I am a professor in the physics department at the University of Massachusetts Dartmouth, with research interests including computational and theoretical studies of Type Ia supernovae, giant molecular clouds, star and brown dwarf formation, and astrochemistry. 

I am pursuing several new and exciting research projects with my graduate and undergraduate students in my active and lively research group. Interested hard-working graduate and undergraduate students are welcome to stop by my office to talk to me. I am also the current graduate program director for the physics department, and am more than happy to answer questions from prospective Ph.D. and Masters students interested in applying to our graduate program.

- Robert Fisher
Astronomers have made a major breakthrough in identifying the stellar systems which explode as a class of unusually dim supernovae -- the so-called Type Iax systems. The news announcement seems to confirm a prediction my colleagues and I made in a 2012 paper: that such systems originate from the single-degenerate channel of a white dwarf and a non-degenerate companion, although these may be originating from both helium main sequence and hydrogen main sequence channels. (8/7/14) 

Group member Jillian Bolinger has been selected as one of only 60 students nationwide to participate in the Council on Undergraduate Research Posters on the Hill Event in Washington DC in April. Congratulations Jillian! (2/5/14)

Our group's research is now featured in a new video at the Massachusetts Green High Performance Computing Center (MGHPCC)! The video, made by Helen Hill of MIT, comes at an apt time, just as SN2014J -- the nearest Type Ia supernova to Earth to be detected since 1972 -- nears peak brightness. (1/29/14)

Prof. Fisher has been named a Kavli Institute for Theoretical Physics (KITP) Scholar for 2014 - 16. (12/3/13)
It's been a great year for graduating group members applying to graduate schools! Peter Jumper has accepted a Connaught International Fellowship at the University of Toronto Astronomy & Astrophysics Ph.D. program, Suoqing Ji a Paxton Fellowship in Theoretical Astrophysics at the University of California at Santa Barbara Physics Ph.D. program. Peter was also the recipient of a NSF Graduate Fellowship, which he has declined. Kevin Jumper, Peter's twin brother, will be enrolling in the Ph.D. program in Astronomy at UT Austin. Congratulations to all -- well-deserved! (4/13/13)

Our group has examined the process of white dwarf mergers in detailed numerical simulations which, for the first time, include the role of the magnetic field in detail. Among other conclusions, we find that a weak magnetic field is highly-amplified by the magnetorotational instability, and gives rise to a high-field magnetic white dwarf. The paper, written with my graduate student Suoqing Ji and two former DAAD RISE summer interns, Pascal Cremer and Jan Behrends, as well as colleagues in Chicago, Spain, and the UK, is now submitted to the Astrophysical Journal. (2/22/13)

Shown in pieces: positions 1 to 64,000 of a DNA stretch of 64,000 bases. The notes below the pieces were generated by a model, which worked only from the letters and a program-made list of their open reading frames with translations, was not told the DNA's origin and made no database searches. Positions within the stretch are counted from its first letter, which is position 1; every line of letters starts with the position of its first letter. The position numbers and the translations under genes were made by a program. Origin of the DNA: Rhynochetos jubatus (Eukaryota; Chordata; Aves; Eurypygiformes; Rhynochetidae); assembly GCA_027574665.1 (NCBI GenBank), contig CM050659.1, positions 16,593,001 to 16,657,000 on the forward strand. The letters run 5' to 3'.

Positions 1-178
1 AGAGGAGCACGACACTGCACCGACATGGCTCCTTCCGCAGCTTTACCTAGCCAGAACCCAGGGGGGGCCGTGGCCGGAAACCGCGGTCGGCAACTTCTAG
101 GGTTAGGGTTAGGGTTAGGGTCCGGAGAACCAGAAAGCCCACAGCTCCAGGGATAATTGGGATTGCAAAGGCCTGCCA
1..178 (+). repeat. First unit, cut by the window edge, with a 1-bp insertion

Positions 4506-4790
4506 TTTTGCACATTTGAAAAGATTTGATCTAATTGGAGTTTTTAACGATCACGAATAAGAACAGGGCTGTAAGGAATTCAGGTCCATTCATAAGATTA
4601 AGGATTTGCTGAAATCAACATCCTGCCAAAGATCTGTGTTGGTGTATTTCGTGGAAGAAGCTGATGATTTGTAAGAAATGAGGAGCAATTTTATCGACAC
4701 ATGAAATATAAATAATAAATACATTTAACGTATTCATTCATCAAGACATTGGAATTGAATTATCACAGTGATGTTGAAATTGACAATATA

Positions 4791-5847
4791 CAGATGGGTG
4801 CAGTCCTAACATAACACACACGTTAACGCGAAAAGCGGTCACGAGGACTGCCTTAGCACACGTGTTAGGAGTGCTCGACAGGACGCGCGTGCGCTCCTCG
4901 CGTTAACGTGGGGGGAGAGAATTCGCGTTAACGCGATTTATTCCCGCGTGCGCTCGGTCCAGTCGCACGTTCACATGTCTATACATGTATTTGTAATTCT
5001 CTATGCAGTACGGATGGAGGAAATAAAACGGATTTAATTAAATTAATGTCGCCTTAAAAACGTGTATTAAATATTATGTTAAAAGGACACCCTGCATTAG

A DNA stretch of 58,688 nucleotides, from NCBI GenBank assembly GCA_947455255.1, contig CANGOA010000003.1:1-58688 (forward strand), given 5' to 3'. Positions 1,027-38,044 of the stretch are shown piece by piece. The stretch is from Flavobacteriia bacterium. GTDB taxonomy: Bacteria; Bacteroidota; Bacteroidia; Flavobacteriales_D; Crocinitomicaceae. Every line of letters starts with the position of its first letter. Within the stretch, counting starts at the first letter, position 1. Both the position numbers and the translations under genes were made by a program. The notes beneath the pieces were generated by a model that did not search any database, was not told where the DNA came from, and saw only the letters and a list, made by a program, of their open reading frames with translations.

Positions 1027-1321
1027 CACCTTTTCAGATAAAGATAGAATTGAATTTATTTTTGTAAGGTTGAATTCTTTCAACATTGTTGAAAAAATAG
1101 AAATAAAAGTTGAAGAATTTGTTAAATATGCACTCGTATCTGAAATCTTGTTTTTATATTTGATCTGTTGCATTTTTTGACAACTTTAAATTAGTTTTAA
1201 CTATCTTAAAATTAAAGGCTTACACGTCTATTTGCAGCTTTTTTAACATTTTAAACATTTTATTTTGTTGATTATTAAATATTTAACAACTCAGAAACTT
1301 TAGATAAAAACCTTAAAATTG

Update: The paper is now accepted. (6/27/13)

Group alumnus Pascal Cremer has been admitted as a CHESS fellow to Cambridge University's Masters Program in Applied Mathematics -- part III of their famed Mathematical Tripos. (2/6/13)

A paper which I wrote with my former M.S. student Avinash Kumar on the astrochemical evolution of turbulent giant molecular clouds is now accepted to the Monthly Notices of the Royal Astronomical Society. (1/30/13)

Our recent paper written with colleagues in Chicago and the Technion exploring the outcome of failed detonations in Type Ia supernovae has been accepted to Astrophysical Journal Letters. In contrast to previous models, we predict that a kicked, Fe-enriched white dwarf remnant will reside in very subluminuous SNe Ia. (11/15/12)
Addition: The story is being picked up in a wide range of news outlets across the web. (11/19/12)
Update: A Harvard CfA team led by Ryan Foley reports (News storythe discovery of a class of subluminous supernovae which fit many of the characteristics of our model. (3/27/12)

The American Physical Society has named group member Peter Jumper member a finalist for the highly-prestigious Apker prize. The Apker prize is the highest honor bestowed upon undergraduate physics majors by the APS. Peter had the additional honor of being the only current undergraduate selected among 6 other finalists now in graduate school. (8/18/12)

Group member Kevin Jumper wins first place, and a $1,000 prize, in the first annual UMD Undergraduate 3-minute research presentation! Kevin also won a best speaker award for a presentation at the APS April meeting. Congrats, Kevin! (4/30/12)

Graduate student David Falta's, colleague Gaurav Khanna's, and my recent work on the gravitational wave emission from Type Ia supernovae was featured in a news story in NCSA's Access Magazine. This work was also featured in a Forbes Science blog post by John Farrell. (9/11)

UMass Dartmouth released a press release on the recent acquisition of my NSF- and AFOSR-sponsored GPGPU cluster. (6/15/10)

Wired magazine featured our pulsationally-assisted gravitationally-confined detonation visualizations as one of the "best science visualizations of 2009." Discover Magazine's Cosmic Variance blog also covered this story. Our award for the INCITE supercomputer time for this project was itself featured in slashdot.